Old cats can tend to groom less and leave the door open for matting - Photo copyright Helmi Flick - please respect copyright
My cat has matted fur. How do I go about grooming matted cat fur? She is a medium long haired cat and is old with a bit of excess weight. She always gets matted fur on her backside which she sits on and squirms about on when she is grooming the other parts of her body!
I'd appreciate some tips on this as I have always fought with this problem.
Hi Mary... thanks for popping by and asking. I like visitors and questions even though I can't always answer them and this is a slightly difficult one or at least there are no easy answers.
It really depends on how matted the fur is. If is is bad I would get it done professionally and I wouldn't leave the people (in the UK they might be assistants to vets at a veterinarian's surgery) to decide how to do it as they might just manhandle your cat and groom through the matting upsetting your cat, maybe even traumatizing her.
I think the best way for bad or lots of matting is to have the fur shaved out professionally. It looks like a bad haircut afterwards but after the shaving the key it to consistently groom your cat every day, perhaps twice a day, to ensure that matting doesn't reoccur.
As for less bad matting, Drs Carlson and Giffin, two well known veterinarians in America (who I hope don't declaw) recommend the following:
Clumps of hair should be removed they say. Incidentally, it is worth asking ourselves if matting should be removed. Are we doing it for the cat our ourselves? This is a valid question. We don't like matting as it feels horrible and we like the feel of stroking a cat (particularly the dense silky coat of a British Shorthair) but this is not a reason to clear out matting. Anyway that said, it is usually advisable to remove them as it makes the coat more efficient as a protector for the cat if it is in good condition (although cats don't mind matting).
Drs Carlson and Giffin recommend tangle removal liquids and sprays that may soften the clumps which makes it easier to remove them. A wide toothed comb should be used to remove matting but it may not if the matting is tough.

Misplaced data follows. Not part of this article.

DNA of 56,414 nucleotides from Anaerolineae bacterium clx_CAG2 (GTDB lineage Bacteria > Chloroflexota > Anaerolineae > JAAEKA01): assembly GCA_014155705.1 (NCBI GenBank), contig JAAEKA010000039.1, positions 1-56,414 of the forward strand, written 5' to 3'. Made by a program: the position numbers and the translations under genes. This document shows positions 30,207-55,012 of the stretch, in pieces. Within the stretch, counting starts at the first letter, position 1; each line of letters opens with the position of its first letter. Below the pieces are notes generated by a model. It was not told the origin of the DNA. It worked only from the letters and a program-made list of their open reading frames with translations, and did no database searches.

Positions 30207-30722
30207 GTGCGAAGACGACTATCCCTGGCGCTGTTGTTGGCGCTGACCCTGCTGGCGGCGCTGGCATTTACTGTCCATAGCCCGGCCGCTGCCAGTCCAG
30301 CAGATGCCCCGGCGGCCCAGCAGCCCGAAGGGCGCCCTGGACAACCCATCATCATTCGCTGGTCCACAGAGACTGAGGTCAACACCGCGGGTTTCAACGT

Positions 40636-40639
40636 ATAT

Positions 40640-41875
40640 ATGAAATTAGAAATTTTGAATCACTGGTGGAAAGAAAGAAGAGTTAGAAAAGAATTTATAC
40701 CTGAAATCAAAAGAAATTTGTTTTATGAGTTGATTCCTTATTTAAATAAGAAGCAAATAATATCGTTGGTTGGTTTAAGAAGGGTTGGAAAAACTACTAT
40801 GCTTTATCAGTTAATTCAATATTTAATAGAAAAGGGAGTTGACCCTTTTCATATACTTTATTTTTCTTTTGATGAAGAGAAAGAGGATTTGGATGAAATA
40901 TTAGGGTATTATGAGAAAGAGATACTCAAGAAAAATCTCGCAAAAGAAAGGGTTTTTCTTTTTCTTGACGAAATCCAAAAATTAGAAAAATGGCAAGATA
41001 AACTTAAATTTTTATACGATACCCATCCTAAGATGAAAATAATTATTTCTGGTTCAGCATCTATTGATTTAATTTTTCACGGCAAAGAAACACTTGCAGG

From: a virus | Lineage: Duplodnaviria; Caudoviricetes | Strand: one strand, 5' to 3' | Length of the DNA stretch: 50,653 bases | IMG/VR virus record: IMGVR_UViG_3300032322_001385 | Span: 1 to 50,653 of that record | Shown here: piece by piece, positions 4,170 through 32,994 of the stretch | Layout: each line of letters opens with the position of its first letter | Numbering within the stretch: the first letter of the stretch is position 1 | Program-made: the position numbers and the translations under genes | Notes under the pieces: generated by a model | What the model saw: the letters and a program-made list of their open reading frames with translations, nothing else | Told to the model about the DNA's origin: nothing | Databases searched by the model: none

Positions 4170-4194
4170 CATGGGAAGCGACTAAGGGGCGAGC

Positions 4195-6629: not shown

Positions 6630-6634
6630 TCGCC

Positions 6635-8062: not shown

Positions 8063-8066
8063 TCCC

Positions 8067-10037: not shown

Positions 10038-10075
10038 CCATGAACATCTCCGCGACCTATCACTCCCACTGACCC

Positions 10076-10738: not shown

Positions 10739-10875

Under these circumstances the matting or clumps of hair has to be removed and anything we have in the house in the way of a shaver won't do it. They recommend using sharp scissors with great care cutting away from the skin into the hair clump in narrow strips. A comb can be slid under the clump to protect the skin.
The single danger is cutting skin and the single obstacle is keeping your cat still to allow you to exercise some precision during the cutting. Take time and don't take chances.
Leave some of the clump there (that is nearest the skin). Wait a few days for the hair to grow some more, which leaves the clump further from the skin. Then do some more judicious trimming. At a point in time the remainder of the clump can be teased out between the fingers and/or combed out in the usual way say with a Furminator which is a heavy weight and highly effective grooming tool.
Some people who keep Persians, a very long haired cat, give the cat a "lion cut" to get rid of the matting and give the cat a new look. Not sure about that but it is an option.
After all that it might be worth considering how to take proactive preventative steps. As mentioned consistent grooming by us given to our cats will prevent it. Also finding a diet that allows for some loss of weight without losing enjoyment of eating might be worth looking at. Although if your cat is old a bit of fun eating is not worth taking away from the cat. Exercise may also assist to burn some calories.
I found that dry food can put on weight as it is made palatable but contains carbohydrates that help to pile on the pounds.
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